Accomplishment of even simple behavioral goals requires planning, execution, and complex coordination of movements involving different parts of the body1,2. Thus, in order to successfully interact within the external world, the brain needs to continuously process the information about the body and the surroundings so that it can adjust its internal model17 to the environment. The present results, in particular differences in performance between C and IV conditions, can be interpreted in terms of functional role of ownership and are consistent with previous literature in the domain of motor control17,56 supporting the idea that body ownership acts as an internal, dynamic model57,58 where bodily properties driven by multisensory integration can modulate motor performance. During the experiment, the participants had to make real-time decisions on whether to execute a particular motor action and press the button or not, depending on sensory inputs. When the visuotactile inputs were delivered congruently, such as in C, the amount of sensory information reduced perceptual ambiguity which triggered according motor response faster than when the incongruent stimuli were provided59. These differences in performance between C, IV and IH seem in line with the Bayesian principles of multimodal integration for decision-making mechanisms19,59,60,61. Alternatively, as had previous studies found29, this result may also indicate that congruent combination of information from different sensory modalities (i.e. vision and touch) facilitated the ability to recognize specific sensory stimuli resulting in faster perceptual discrimination and decision-making independent of ownership. Furthermore, during the experimental block subjects could learn to plan their responses differently when facing two asynchronous conditions IV and IH. We exclude, however, that the RTs might have been affected purely by the sensory congruency or expectations, since this effect would not lead to correlations between RTs and measures which did not directly depend on motor planning and motor control (i.e. GSR or self-reports). We believe that the present results highlight the role of ownership in the context of motor actions. We further observe, however, that the visuocactile integration also affected both the autonomous responses, measured through GSR and the conscious perception, measured through self-reports. This might suggest further that multisensory (i.e. visuotactile) integration has multiple dimensions including behavioral10,18 (i.e. motor), physiological44 and conscious11,15,25,62, which is supported by the correlation analysis between the discussed measures.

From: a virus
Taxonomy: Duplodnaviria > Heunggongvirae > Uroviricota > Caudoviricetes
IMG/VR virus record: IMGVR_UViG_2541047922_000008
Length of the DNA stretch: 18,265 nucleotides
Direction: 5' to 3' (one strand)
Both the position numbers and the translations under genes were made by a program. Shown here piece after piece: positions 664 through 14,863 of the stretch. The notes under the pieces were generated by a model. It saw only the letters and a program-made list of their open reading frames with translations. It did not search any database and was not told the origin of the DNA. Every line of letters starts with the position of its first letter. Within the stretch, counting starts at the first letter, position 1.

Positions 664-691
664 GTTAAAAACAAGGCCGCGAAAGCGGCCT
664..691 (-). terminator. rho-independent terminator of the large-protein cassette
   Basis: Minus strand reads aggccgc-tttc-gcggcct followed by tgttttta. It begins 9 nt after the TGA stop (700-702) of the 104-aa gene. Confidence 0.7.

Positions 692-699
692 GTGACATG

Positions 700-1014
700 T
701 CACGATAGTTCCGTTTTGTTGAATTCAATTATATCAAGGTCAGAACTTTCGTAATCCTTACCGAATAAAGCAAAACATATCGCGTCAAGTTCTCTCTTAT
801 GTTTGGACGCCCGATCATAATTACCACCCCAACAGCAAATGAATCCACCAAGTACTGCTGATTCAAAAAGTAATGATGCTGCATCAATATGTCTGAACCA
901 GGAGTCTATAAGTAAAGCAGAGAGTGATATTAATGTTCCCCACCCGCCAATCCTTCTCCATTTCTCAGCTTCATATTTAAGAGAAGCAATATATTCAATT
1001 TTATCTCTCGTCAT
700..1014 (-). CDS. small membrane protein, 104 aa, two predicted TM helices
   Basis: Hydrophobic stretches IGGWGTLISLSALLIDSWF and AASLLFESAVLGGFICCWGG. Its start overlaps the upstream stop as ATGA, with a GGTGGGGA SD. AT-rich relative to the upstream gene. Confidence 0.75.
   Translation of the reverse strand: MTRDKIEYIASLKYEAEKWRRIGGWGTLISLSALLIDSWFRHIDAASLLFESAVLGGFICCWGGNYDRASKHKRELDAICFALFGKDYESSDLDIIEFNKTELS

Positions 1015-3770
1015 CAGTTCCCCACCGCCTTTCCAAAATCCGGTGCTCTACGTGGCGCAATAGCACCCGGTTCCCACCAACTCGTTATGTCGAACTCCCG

On the other hand, we observed significant differences in performance between IV and IH. Since the two conditions involved different sensory modalities to elicit motor response (i.e. visual or tactile), the reported result could be possibly explained by differences in terms of tactile and visual processing29. Given perceptual dominance of vision over touch, and coherent with literature47,48, in the IV the motor responses were faster than in IH condition. Interestingly, however, we further observe a significant difference in GSR responses between IV and IH conditions such that the GSR in the IV was significantly higher than in IH. We elaborated on this result by showing its relationship with the two other measures used in the study: autonomous physiological response and self reports. The reported correlations emerging from this analysis support the hypothesis that significant changes in reaction times across conditions could be effectively due to a modulation of the body representation. Furthermore, the high accuracy in motor performance, equally distributed in every condition, suggests that the difference in reaction times could be due to the same process of bodily representation affecting the subjective feeling of ownership. Since the visuotactile stimuli in IV and IH were incongruent, the feeling of ownership in IV should not have been modulated by sensory integration. Instead, we propose that the feeling of ownership in IV might have been modulated through the weight of the attended modality29, such that despite the congruency of the feedback, the ownership is higher when visual stimuli are attended to elicit motor action, than when the tactile stimuli are attended.